The iShares Russell 2000 Index Fund (IWM) is off 2% in the past week and that may be viewed as a sign that all bets are off for small-cap bulls. IWM has enjoyed some good times this year with a gain of about 11.5% and that may be enough for investors to say that the recent turbulence in U.S. equities is reason to leave small-caps for another day.
Not so fast. IWM offers plenty of exposure to cyclical rotation sectors with financials, consumer discretionary and technology combining for almost 53% of the ETF’s weight. Additionally, many small-cap companies are focused on their home market. With IWM, that means the U.S. and that means IWM is alluring as a strong dollar play. [ETFs That Benefit From a Rising Dollar]
Investors with a tolerance for risk have more small-cap ETF options than they may be aware of. In 2010, PowerShares, the fourth-largest U.S. ETF sponsor, rolled out a suite of small-cap ETFs to designed to be equivalents to the popular, large-cap focused sector SPDR funds. Some of these funds have been perking up in recent weeks and could be small-cap leaders if conservative sectors continue falling out of favor with investors. [Trading Smaller ETFs]
PowerShares S&P SmallCap Information Technology Portfolio (PSCT)
The PowerShares S&P SmallCap Information Technology Portfolio is showing a divergence from large-cap technology and it is one investors might to take note of. In the past month, the PowerShares QQQ (QQQ) is slightly lower, but over the same time, PSCT has jumped 3.7%. That performance is also better than triple what IWM has offered over the same time. [Small and Micro-Cap ETFs]
The average market cap of PSCT’s 126 constituents is almost $1.3 billion, so investors can rest assured they are not dancing with ultra-volatile micro-cap fare with this ETF. Unheralded PSCT has almost $132 million in assets under management and despite its light average daily volume (19,400 share), the ETF rarely trades at a significant discount or premium to its net asset value.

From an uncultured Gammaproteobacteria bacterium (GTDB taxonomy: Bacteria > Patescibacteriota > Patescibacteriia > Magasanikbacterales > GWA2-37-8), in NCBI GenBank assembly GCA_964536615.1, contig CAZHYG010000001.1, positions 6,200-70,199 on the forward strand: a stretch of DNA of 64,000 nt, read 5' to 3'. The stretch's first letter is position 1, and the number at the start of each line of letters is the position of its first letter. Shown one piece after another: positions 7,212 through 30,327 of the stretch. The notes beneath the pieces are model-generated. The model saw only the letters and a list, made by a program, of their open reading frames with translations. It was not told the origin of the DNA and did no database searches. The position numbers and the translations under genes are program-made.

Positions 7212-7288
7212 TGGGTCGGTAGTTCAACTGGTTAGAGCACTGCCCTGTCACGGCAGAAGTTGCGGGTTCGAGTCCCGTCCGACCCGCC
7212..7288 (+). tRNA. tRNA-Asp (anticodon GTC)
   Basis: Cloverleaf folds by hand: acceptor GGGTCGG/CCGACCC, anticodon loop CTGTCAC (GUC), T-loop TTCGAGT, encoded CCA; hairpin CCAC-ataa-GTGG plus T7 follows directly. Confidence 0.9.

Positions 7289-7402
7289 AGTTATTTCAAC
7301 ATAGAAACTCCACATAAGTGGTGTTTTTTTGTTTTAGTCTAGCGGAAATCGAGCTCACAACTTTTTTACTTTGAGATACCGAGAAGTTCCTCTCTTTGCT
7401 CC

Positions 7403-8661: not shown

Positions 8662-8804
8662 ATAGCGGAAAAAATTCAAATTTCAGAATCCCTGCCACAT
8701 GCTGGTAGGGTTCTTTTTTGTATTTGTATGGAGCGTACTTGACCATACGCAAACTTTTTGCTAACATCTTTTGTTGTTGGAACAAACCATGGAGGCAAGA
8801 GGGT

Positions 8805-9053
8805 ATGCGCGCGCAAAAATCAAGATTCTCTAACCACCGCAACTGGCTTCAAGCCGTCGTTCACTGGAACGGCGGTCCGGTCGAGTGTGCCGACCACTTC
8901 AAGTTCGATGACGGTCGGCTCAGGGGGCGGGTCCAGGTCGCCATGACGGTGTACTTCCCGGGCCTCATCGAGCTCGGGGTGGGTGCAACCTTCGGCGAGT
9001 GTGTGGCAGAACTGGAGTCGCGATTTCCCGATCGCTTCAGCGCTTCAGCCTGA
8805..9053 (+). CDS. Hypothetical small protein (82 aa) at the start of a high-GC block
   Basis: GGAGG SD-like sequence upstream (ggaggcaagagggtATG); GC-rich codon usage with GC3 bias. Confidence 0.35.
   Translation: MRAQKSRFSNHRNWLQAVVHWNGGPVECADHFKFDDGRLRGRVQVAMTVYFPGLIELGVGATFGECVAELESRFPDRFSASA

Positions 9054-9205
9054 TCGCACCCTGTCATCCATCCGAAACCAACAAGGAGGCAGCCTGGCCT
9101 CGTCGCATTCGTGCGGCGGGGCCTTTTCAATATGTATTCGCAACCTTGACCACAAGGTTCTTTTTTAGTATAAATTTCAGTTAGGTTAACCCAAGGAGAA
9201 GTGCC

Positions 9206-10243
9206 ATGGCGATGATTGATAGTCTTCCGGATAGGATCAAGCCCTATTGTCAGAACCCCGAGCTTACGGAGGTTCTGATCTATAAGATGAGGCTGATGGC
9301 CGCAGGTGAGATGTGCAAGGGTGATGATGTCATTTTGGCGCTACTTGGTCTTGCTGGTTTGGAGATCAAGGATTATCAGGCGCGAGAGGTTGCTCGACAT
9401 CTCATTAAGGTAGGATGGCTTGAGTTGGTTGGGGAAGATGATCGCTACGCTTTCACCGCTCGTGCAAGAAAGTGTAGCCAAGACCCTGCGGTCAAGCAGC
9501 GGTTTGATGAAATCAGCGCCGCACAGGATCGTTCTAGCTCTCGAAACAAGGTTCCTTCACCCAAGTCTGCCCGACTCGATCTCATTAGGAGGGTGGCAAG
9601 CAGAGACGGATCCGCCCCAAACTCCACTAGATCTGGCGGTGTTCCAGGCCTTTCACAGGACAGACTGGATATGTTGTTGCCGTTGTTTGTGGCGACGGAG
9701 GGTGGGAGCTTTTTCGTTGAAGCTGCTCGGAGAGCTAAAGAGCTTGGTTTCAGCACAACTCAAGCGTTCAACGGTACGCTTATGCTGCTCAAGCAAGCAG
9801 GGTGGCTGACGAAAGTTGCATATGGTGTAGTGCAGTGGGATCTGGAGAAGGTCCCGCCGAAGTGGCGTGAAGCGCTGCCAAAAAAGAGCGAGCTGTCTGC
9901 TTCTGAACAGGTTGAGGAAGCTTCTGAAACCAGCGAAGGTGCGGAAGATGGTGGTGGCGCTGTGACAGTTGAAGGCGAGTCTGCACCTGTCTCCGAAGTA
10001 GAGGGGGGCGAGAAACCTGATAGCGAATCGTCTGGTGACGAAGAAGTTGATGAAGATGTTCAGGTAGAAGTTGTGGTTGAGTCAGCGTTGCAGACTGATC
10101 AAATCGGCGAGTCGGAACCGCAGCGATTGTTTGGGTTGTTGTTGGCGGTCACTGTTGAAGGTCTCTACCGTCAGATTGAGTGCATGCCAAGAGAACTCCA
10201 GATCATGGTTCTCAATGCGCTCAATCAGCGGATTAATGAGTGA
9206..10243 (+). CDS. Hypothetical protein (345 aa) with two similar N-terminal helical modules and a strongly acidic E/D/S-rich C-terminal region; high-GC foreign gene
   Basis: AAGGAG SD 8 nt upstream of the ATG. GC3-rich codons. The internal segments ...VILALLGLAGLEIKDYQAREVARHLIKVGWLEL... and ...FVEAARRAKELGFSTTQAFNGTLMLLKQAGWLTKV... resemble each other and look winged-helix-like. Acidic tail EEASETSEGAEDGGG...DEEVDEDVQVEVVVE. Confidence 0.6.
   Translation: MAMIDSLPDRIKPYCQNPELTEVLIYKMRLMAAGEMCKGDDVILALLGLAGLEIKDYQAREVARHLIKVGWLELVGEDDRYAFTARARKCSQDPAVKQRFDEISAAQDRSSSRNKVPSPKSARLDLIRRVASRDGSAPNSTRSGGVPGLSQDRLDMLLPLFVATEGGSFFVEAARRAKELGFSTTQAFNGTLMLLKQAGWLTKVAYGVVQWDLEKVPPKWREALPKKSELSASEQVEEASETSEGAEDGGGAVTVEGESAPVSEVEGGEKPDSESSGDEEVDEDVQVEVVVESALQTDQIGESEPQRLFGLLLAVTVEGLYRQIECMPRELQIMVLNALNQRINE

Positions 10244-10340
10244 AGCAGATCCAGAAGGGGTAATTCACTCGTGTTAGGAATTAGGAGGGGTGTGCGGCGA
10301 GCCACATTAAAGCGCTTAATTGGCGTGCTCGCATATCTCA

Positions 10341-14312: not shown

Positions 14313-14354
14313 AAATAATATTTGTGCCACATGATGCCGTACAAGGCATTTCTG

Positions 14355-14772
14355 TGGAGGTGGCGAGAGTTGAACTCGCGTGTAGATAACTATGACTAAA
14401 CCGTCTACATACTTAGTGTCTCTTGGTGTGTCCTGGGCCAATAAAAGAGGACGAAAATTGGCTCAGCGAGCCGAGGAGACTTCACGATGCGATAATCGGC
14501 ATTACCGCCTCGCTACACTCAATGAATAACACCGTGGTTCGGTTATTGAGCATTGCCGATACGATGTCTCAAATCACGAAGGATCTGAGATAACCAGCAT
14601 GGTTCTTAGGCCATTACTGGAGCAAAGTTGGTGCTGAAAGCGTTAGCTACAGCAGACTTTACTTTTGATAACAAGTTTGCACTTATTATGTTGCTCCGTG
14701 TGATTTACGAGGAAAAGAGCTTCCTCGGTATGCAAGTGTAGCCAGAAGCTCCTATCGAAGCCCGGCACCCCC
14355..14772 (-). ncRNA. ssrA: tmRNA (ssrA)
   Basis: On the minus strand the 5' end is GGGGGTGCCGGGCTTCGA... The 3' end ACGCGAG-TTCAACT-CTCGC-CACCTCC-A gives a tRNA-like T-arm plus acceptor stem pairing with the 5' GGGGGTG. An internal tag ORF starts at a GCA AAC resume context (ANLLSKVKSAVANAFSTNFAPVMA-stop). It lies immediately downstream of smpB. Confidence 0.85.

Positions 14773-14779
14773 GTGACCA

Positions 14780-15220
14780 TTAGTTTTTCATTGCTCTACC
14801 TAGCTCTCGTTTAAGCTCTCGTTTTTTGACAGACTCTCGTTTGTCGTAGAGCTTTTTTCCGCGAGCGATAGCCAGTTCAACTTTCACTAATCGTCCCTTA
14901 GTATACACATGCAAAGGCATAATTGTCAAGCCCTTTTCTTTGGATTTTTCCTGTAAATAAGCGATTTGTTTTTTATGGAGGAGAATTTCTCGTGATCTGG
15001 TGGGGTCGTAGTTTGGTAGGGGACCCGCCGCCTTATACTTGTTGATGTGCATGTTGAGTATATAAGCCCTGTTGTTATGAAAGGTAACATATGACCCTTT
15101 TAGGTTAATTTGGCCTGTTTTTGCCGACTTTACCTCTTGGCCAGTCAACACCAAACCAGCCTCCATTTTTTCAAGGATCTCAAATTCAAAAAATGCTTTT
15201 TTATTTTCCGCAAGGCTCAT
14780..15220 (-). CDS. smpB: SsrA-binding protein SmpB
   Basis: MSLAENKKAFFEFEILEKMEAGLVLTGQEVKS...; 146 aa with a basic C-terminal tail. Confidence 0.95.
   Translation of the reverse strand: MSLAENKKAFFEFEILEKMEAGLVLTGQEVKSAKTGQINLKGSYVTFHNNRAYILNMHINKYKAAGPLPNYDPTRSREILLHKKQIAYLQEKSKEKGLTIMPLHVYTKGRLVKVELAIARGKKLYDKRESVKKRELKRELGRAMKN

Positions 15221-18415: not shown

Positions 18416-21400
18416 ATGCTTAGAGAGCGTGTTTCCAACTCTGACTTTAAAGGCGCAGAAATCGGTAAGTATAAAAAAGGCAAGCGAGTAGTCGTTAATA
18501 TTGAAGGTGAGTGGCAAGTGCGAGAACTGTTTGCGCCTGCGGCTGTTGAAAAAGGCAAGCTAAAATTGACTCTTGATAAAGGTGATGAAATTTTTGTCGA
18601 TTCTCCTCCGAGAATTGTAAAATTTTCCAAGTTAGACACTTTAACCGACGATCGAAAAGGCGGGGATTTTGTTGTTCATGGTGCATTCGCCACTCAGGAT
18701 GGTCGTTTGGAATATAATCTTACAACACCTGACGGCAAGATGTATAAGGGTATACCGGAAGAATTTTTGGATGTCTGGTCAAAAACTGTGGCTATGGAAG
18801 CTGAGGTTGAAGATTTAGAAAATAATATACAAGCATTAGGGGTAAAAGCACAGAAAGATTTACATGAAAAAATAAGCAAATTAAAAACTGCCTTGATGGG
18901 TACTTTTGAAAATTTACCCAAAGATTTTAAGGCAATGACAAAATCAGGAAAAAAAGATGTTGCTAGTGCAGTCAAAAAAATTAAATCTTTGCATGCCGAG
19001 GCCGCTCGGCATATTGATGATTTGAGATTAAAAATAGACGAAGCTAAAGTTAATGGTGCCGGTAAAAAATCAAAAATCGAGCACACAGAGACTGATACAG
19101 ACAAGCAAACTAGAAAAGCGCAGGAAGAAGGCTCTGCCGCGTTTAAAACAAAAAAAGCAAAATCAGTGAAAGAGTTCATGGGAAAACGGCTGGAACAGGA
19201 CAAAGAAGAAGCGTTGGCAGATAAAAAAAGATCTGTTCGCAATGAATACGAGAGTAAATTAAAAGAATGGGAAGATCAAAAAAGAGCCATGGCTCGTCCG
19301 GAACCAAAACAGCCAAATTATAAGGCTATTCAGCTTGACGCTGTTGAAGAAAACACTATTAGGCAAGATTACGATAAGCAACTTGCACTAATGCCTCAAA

PSCT offers exposure to hardware, software, Internet and semiconductor names, among others.
PowerShares S&P SmallCap Consumer Discretionary Portfolio (PSCD)
The PowerShares S&P SmallCap Consumer Discretionary Portfolio joins PSCT as another small-cap ETF for investors looking to exploit the cyclical rotation. And like its technology-focused counterpart, PSCD outperformed a major large-cap equivalent and IWM over the past month. While the Consumer Discretionary Select Sector SPDR (XLY) lost ground over that time, PSCD gained 2.6%. In fact, PSCD has been the better over the past 90 days and year-to-date as the ETF is up almost 18%.
And as is the case with PSCT, PSCD offers a lineup that is not chock full of obscure, risky micro-caps. PSCD’s 106-stock lineup is actually littered with companies consumers are intimately familiar with including Buffalo Wild Wings (BWLD), Coinstar (CSTR) and Crocs (CROX).
The risk to PSCD is obvious: Any noticeable retrenchment in the quality of consumer-related economic data could make this ETF vulnerable to selling pressure. A drop below support at $38 could do the same.
PowerShares S&P SmallCap Information Technology Portfolio
ETF Trends editorial team contributed to this article.
The opinions and forecasts expressed herein are solely those of Tom Lydon, and may not actually come to pass. Information on this site should not be used or construed as an offer to sell, a solicitation of an offer to buy, or a recommendation for any product.